Once a bank’s primary regulator has determined to close a bank, the Federal Deposit Insurance Corporation steps in to “resolve” it, usually by accepting appointment as the bank’s receiver. Before being formally appointed, the FDIC has typically engaged in substantial evaluation of the bank’s assets and liabilities and solicited bids from solvent banks or other entities that are interested in acquiring some or all of the soon-to-be-closed bank.

Once all bids have been submitted, the FDIC evaluates them in comparison to its estimated cost of liquidation to determine the least cost resolution. The purchase and assumption transaction, involving an agreement where a third-party institution purchases or some or all of the failed bank’s assets and liabilities, is the most frequently used and preferred method for resolving a failed bank. A transaction with the FDIC to purchase such assets and liabilities is not without risk to the acquiring, solvent institution. That institution is taking on assets of a bank that failed—and, while there may be some exceptions, banks that fail generally fail because they were having problems with many of their loans.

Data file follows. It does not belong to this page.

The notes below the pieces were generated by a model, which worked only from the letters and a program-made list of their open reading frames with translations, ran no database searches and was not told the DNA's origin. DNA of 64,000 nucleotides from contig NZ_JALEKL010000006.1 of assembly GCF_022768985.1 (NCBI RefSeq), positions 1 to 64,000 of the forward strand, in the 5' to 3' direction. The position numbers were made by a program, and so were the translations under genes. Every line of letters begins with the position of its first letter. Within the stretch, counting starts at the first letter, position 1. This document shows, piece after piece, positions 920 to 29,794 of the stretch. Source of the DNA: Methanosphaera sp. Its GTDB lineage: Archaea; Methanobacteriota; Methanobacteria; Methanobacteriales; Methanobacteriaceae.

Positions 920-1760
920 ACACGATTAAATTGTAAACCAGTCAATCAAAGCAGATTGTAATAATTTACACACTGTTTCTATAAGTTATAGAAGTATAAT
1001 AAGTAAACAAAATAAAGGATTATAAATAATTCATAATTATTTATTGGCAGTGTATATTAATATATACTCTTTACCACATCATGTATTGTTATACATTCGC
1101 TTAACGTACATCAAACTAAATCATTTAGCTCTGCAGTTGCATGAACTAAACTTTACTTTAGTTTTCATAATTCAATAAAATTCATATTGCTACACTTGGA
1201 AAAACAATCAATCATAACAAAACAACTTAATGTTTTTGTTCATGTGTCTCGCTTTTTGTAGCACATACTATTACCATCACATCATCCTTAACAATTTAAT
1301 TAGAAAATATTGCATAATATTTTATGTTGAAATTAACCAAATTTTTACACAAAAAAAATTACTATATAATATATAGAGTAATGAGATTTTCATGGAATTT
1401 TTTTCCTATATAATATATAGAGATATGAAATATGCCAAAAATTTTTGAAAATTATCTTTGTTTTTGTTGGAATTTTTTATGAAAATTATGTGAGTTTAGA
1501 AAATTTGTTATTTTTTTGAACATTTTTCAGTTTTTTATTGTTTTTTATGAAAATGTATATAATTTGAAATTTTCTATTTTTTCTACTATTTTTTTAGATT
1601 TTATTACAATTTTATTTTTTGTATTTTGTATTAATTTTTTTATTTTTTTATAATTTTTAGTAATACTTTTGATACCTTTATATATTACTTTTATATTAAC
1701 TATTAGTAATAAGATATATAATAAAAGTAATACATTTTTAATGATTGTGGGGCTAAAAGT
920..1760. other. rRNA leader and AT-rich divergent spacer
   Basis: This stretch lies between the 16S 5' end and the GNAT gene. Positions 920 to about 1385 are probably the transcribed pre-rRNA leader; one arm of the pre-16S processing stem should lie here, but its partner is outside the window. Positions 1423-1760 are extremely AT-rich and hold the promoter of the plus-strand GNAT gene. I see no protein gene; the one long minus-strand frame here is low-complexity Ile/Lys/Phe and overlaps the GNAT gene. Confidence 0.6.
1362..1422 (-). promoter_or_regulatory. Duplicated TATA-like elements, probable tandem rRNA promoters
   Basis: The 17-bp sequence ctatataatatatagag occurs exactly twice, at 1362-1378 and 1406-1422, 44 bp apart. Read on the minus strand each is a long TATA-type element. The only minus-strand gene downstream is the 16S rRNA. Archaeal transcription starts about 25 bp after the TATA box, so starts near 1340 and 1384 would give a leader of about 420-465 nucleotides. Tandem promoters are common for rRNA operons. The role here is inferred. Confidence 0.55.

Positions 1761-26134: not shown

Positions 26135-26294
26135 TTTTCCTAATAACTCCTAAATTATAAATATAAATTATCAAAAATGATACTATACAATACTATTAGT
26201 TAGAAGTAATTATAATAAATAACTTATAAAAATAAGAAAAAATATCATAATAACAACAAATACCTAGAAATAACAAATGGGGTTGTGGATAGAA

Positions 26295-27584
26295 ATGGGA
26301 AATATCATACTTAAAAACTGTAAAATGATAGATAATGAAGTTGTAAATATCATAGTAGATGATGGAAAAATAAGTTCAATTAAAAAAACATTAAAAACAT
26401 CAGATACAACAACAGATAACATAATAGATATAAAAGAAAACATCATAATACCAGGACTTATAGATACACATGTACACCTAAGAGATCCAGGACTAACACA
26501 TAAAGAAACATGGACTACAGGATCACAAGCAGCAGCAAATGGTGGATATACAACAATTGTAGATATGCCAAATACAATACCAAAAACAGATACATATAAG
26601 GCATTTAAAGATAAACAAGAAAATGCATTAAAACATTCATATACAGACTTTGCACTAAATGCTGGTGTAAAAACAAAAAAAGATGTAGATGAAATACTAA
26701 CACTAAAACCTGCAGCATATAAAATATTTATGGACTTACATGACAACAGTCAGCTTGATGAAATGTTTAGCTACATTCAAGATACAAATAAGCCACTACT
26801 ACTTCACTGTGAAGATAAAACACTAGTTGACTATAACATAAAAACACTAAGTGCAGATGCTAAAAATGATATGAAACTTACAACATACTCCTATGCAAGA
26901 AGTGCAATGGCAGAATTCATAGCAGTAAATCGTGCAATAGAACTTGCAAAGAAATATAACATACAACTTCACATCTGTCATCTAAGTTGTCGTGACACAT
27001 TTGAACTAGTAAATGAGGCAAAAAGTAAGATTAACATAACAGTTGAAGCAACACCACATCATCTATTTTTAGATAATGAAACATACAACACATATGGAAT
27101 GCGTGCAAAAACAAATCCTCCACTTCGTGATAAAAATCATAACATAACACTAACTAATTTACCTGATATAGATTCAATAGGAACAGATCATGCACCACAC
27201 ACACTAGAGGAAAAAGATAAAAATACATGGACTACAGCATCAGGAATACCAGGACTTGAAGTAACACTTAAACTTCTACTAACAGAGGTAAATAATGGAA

Accordingly, the FDIC introduced the concept of “Loss-Share Agreements” in the early 1990s. Under a Loss-Share Agreement, the FDIC, as receiver of the failed bank, will reimburse the acquiring institution for a large percentage of net charge-offs, minus recoveries, of shared loss assets, plus reimbursable expenses. In essence, the FDIC retains the risk of substantially all losses on the portfolio, while the acquiring institution assumes the responsibility for the management, administration, and recovery of the assets. This is based on the concept that these third-parties, rather than the FDIC, are uniquely positioned to maximize the total dollar recovery on a portfolio of distressed loans.

Loss-Share Agreements provide for different tranches of “Applicable Percentages” of shared-loss that the FDIC will incur, depending on when the loss occurs with respect to all of the other loans included in the Loss-Share Agreement. If there is a loss, the acquiring institution recovers from the FDIC the specified Applicable Percentage (e.g., 70% of the loss). On the other hand, if there is no loss, such that the recovery is more than the book value of the loan, the acquiring institution is required to pay to the FDIC the Applicable Percentage (e.g., 70% of the recovery over the book value). Therefore, the Loss-Share Agreement requires the FDIC to reimburse the acquiring bank for a portion of its losses, but also obligates the acquiring bank to share the same portion of its recoveries with the FDIC. This structure prevents the acquiring bank from obtaining a double recovery (i.e., from both borrower and the FDIC).